If I had a stone …
Andy Stone berates the commissioners for not upholding current land use codes, and he lashes out at Gerhard Andlinger. Andlinger has hauled away dirt to improve his view on his property, he has dug trenches, even across a creek.
These are heinous crimes indeed, especially when multiplied countywide, but this is the business of construction. You see evidence of this process everyday in Aspen.
The real crime to Andy is that Andlinger has money. Money hinders the heavy handed, intensely beauracratic, in your face, anti-private property rights regulations of some high-minded officials in the valley. In sum, it gives the individual a fighting chance.
Some county officials prefer the more crushable victims without the means to defend their rights. These are not wealthy people out to screw the world. They are people who want to make a living in this ever-more-expensive valley.
They want a house to live in that’s somewhat compatible with their needs and finances. The county often lords it over individuals to the extent that they move farther away, and the county is left with only the wealthy people they abhor.
Now the real crime here is not people with money. It is the hypocrisy of The Aspen Times and Andy Stone. He’s ready to stone Andlinger to uphold county regulations. He is offended by people buying their way out of permit negligence.
Yet he takes full advantage of The Aspen Times’ own power and money to try to dictate policy to the county commissioners. The Aspen Times rarely sticks to reporting the news. They push their own agenda and call it news. Isn’t this as disgraceful as anything Andlinger has done?
Perhaps The Aspen Times should work on a more balanced tone to their articles for their New Year’s resolution. Perhaps they should not berate the commissioners who, in moments of open mindedness, have seen that every situation has more than one side.
Maybe the commissioners have realized that within the list of factors to consider when approving a building permit, people are included. We, the people, are something to consider along with fire hazard, avalanche, wildlife and wetlands review. We are not asking to be the only priority, but certainly something worth being factored into the equation.
It seems that Andy Stone would close down every man-made thing if it’s a stone’s throw from Aspen. My God, there’s been a new illegal cutting of a swath in Redstone. I am not flaunting regulation, but let’s keep our head. The trees will grow back. It’s not the end of the world.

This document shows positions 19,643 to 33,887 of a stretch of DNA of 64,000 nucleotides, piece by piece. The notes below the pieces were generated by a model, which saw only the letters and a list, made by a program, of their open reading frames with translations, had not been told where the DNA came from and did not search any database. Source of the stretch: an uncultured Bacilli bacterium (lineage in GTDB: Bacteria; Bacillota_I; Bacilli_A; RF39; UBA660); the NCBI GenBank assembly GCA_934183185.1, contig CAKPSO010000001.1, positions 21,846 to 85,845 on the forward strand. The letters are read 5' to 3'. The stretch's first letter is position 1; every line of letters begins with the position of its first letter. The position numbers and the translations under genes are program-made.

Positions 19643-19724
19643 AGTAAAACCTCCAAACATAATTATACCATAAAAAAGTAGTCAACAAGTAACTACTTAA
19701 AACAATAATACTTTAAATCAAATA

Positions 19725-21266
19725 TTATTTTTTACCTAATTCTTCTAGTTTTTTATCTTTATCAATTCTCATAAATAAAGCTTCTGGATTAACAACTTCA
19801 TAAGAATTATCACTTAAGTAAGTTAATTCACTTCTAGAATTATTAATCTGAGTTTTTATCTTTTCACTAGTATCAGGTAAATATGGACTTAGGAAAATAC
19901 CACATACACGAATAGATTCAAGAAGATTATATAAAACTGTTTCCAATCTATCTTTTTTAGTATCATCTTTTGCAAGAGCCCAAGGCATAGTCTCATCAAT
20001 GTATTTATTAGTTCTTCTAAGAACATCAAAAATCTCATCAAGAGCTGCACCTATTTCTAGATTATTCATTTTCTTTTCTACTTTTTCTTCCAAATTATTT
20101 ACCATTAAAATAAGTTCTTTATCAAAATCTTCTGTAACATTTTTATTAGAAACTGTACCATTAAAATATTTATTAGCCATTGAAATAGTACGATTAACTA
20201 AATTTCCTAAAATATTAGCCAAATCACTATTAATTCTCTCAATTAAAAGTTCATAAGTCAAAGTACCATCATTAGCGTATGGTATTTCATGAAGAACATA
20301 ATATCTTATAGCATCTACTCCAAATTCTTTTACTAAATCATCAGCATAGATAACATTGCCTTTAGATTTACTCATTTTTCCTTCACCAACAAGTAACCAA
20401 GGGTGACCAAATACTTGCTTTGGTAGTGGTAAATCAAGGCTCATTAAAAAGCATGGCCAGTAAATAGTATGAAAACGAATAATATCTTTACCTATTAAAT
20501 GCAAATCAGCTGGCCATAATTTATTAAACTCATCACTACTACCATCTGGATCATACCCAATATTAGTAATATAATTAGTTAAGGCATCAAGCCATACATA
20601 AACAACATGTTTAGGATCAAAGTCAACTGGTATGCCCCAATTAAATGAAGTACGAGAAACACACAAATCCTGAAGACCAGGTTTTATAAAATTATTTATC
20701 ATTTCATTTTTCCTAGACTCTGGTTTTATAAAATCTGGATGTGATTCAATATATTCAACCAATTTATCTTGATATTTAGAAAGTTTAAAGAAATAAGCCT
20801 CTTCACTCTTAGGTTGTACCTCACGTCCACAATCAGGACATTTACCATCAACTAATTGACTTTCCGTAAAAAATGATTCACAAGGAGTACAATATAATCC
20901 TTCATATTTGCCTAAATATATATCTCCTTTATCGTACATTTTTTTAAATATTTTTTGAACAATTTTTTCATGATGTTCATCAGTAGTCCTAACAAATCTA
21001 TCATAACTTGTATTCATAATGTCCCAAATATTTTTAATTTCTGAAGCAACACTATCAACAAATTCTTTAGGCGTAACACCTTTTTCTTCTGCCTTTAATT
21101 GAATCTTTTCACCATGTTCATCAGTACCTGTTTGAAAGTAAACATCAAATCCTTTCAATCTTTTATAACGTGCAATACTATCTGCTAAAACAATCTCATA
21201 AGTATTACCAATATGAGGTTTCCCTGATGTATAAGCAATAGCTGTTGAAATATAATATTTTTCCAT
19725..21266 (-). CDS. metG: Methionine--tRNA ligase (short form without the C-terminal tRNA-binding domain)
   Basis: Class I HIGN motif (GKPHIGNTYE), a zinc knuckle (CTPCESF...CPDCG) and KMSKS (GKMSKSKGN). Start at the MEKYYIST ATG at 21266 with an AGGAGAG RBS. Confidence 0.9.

Why not quietly handle this problem without all the rhetoric? Let the paper speak out on real injustices and not promulgate its own agenda.
Mick Ireland won 60 percent of the vote. But, what’s amazing is that the sick, out-of-state, out-of-the-picture opponent won 40 percent. Mick may have had more votes, but there are many people in the county who find his tyrannical, myopic agenda offensive. We, the people, do not back many of the land use policies.
I value wildlife, clean water, clear skies and open vistas. I also value property rights and fairness. Maybe the land use code should be rewritten so that it could be followed without obliterating the rights of individuals. Maybe everyone should be a bit more tolerant of their neighbors and less concerned with what they are doing.
Andy says, “There is precious little untouched, scenic land left in the county, and every acre of it deserves to be protected with a heavy hand.” He advocates taking control of this land for his own benefit much as President Bush wants control of oil in Iraq.
Just go on in boys and help yourselves. We need this land to keep our county pretty. Fire away with the weapon of choice: tree loads of regulations. If I had a stone, I’d throw it out.
[Editor’s note: Actually, the quote at the end of the letter is not from Mr. Stone’s column but from an Aspen Times editorial. Stone is no longer a staff member at The Times and is not a member of the editorial board. He does contribute a weekly column.]
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Brooke O’Sullivan carries herself like an experienced golfer. Her smooth swing and resilience on course matches that of players far her senior, and her leadership off the course is of someone who’s seen and done a lot with the sport. In reality, she’s merely a freshman on the AHS girls golf team.